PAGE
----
As for the musicians in the quartet: I composed music for a series of boxing matches – a Live event. Lars Jansson, Anders Kjellberg and Lennart Ginman played as a rhythm section, they had a natural and very organic beat together, and solid foundations in both the American and the Scandinavian approach to jazz.

Green Cities was recorded in one day in a classic jazz recording style, with a few takes per track at most, and often a single take. I like our sound together, and that it’s a classic jazz release from that time.

I’m currently working on two forthcoming releases: Cascades, a duo with pianist Artur Tuznik, and a quartet release we call Old Worlds. Many of the pieces on that release were created in the same way as Bitches Brew: joint improvisations subsequently stitched together into final compositions. Both albums are pretty much finished. 

The quartet was formed by me and the guitarist Bjarne Roupé. We call the quartet Gondwana, named after a supercontinent. This is also a reference to the Miles Davis album Agartha, which has a track titled Gondwana.

JBN: What’s the balance in music between intellect and soul?

TA: Tough question. I’m not sure I know, but I’ll try to answer as best I can. Developing one’s total language and being free in different tones requires, to my mind, an intellectually strong creative process. Understanding the tone’s building blocks (it’s intervals, scales, structures, and inherent tensions) is something I think we develop over time. Even the greatest composers and musicians of all time develop their music increasingly complex and nuanced expressions. 

But intuition often senses things that the intellect may have difficulty fulling grasping. Therefore, it’s important to trust our intuition, and to be brave enough to relinquish control and venture into uncertainty, as uncertainty is the future and certainty belongs only to the past. Music flourishes when we collectively dare to throw ourselves into uncertainty. If we do this, then we will see what our journey out into the open, creative community has yielded. 

JBN: There’s a two-way relationship between audience and artist; you’re okay with giving the people what they want?

TA: Playing a simple tune in a beautiful and honest way is also art. If we are to survive as musicians, we must learn to play for all kinds of people, from every corner of society.  Daring to play all kinds of music leads only to deeper experiences.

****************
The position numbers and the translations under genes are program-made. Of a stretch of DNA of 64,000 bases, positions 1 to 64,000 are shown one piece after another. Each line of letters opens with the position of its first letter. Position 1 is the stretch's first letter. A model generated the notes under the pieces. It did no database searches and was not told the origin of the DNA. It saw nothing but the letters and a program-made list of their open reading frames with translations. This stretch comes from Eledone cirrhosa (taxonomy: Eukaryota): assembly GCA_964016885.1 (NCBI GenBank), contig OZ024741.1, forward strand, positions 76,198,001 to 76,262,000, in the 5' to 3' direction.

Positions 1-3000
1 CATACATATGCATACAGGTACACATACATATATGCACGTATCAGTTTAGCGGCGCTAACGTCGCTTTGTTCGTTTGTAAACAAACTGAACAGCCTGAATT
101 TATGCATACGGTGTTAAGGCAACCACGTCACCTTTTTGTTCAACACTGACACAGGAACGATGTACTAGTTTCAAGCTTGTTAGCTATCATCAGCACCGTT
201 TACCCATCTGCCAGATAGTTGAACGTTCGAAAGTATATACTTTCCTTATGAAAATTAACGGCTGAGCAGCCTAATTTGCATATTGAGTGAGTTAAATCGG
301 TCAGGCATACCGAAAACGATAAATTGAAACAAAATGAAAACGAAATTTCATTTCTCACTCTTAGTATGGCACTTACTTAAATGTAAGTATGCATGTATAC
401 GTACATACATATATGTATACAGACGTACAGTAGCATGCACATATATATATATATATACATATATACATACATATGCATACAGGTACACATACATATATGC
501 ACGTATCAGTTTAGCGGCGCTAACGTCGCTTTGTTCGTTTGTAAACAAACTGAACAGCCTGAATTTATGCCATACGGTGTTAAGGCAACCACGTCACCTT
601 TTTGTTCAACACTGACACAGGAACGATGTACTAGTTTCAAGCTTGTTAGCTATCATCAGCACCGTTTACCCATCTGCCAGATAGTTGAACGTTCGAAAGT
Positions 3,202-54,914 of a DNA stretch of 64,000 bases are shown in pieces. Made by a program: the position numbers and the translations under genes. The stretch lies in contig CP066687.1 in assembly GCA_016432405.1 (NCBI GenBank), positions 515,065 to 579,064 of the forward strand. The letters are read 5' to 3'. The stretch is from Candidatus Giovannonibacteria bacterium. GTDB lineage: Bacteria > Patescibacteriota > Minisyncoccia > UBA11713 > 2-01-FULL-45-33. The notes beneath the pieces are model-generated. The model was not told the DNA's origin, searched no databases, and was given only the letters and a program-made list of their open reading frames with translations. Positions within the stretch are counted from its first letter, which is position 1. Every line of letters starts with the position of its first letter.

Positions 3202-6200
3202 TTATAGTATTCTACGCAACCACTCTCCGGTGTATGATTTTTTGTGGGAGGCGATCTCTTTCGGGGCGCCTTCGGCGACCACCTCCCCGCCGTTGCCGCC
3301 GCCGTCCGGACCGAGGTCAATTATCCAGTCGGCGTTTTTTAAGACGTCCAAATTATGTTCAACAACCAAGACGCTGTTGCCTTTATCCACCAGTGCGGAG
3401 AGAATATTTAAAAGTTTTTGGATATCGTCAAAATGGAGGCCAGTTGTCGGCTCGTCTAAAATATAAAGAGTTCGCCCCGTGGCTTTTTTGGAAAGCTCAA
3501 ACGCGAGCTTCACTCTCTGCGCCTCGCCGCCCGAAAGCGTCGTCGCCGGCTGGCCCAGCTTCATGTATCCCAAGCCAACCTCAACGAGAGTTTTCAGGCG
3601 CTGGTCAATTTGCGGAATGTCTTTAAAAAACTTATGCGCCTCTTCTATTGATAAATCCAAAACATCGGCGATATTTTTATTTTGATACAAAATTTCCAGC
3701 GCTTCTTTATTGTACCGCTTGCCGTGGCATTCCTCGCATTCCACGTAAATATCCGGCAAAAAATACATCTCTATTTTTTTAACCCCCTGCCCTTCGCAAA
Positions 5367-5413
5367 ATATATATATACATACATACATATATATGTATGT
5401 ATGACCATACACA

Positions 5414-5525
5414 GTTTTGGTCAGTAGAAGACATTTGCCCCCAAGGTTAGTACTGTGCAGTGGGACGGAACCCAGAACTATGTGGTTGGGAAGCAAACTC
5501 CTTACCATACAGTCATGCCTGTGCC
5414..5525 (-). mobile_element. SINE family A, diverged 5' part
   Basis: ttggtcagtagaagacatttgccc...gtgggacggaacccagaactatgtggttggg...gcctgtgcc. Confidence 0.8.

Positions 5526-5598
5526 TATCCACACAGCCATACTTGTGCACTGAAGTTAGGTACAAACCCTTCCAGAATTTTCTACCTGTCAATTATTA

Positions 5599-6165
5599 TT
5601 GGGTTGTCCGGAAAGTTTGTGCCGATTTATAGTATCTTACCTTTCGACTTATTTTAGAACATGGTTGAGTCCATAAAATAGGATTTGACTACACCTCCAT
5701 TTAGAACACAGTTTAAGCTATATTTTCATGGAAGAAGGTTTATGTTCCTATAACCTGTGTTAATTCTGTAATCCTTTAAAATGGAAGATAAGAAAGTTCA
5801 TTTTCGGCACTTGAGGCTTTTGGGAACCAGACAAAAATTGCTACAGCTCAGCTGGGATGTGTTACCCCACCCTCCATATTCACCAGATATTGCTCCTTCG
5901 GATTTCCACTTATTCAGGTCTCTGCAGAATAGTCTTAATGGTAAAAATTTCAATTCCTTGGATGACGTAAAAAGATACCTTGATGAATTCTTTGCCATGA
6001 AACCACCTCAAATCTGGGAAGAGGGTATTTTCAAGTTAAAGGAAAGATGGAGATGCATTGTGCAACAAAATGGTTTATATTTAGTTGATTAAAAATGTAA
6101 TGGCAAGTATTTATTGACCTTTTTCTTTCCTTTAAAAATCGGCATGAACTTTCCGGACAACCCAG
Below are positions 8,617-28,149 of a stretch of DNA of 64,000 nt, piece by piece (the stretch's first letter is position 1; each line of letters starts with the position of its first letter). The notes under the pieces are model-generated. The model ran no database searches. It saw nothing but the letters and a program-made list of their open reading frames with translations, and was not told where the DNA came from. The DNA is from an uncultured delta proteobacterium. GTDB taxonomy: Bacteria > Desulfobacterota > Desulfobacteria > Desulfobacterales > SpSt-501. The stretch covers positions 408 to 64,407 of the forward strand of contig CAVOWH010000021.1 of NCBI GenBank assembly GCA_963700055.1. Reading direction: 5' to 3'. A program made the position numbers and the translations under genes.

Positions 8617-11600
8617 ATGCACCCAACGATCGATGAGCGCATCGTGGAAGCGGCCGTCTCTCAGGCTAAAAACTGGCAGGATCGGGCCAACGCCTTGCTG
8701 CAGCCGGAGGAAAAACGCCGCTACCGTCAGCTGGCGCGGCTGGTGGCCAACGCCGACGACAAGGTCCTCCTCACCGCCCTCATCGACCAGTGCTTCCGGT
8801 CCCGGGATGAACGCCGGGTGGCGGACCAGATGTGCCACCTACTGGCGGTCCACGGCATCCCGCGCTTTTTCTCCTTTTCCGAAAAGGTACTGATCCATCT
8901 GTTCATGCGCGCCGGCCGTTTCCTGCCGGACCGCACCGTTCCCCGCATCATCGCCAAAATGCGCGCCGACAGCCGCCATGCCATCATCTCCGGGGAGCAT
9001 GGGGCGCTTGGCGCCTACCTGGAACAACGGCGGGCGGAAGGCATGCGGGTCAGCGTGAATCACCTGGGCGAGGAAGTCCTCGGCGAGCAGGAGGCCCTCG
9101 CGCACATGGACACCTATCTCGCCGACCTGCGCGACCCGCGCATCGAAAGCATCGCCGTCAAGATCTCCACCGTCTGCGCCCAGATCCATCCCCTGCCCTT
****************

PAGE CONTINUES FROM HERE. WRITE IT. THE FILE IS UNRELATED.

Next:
Good musicians can play a simple melody beautifully and strongly and often convey complex and experimental music to a very wide group of people. After all, it’s about giving people what they didn’t know they wanted. Art Blakey once told Wayne Shorter just before they went on stage: “Tell them a story!”  We must never forget that. We must tell stories with our music.

JBN: Do you have any memories from gigs, jams, open acts and studio sessions which you’d like to share with us?

TA: I was very insecure as a young music student. Once, I was in a Bebop group where we played Charlie Parker compositions. The group was rhythmically pretty stiff and I didnt feel it worked for me. At our final concert, which I thought had been really off, an older drummer came up and said: “Thomas, you’ve got a heavenly touch!”  Being seen there at that point in my life was very important to me.

JBN: How can we get young people interested in jazz when most of the standard tunes are half a century old?

TA: Jazz represents freedom, and all young people seek freedom and a place where they can express their true selves. This is so important when communicating about the art of jazz.

The rest of us must also remember that Jazz will always fragment into many different styles. The act of creating music together democratically means that the music will develop in new directions all the time. But the basic structure of jazz is also important to convey: rhythm, improvising over harmonic sequences, time, etc.

JBN: John Coltrane said that music was his spirit. How do you understand the spirit and the meaning of life?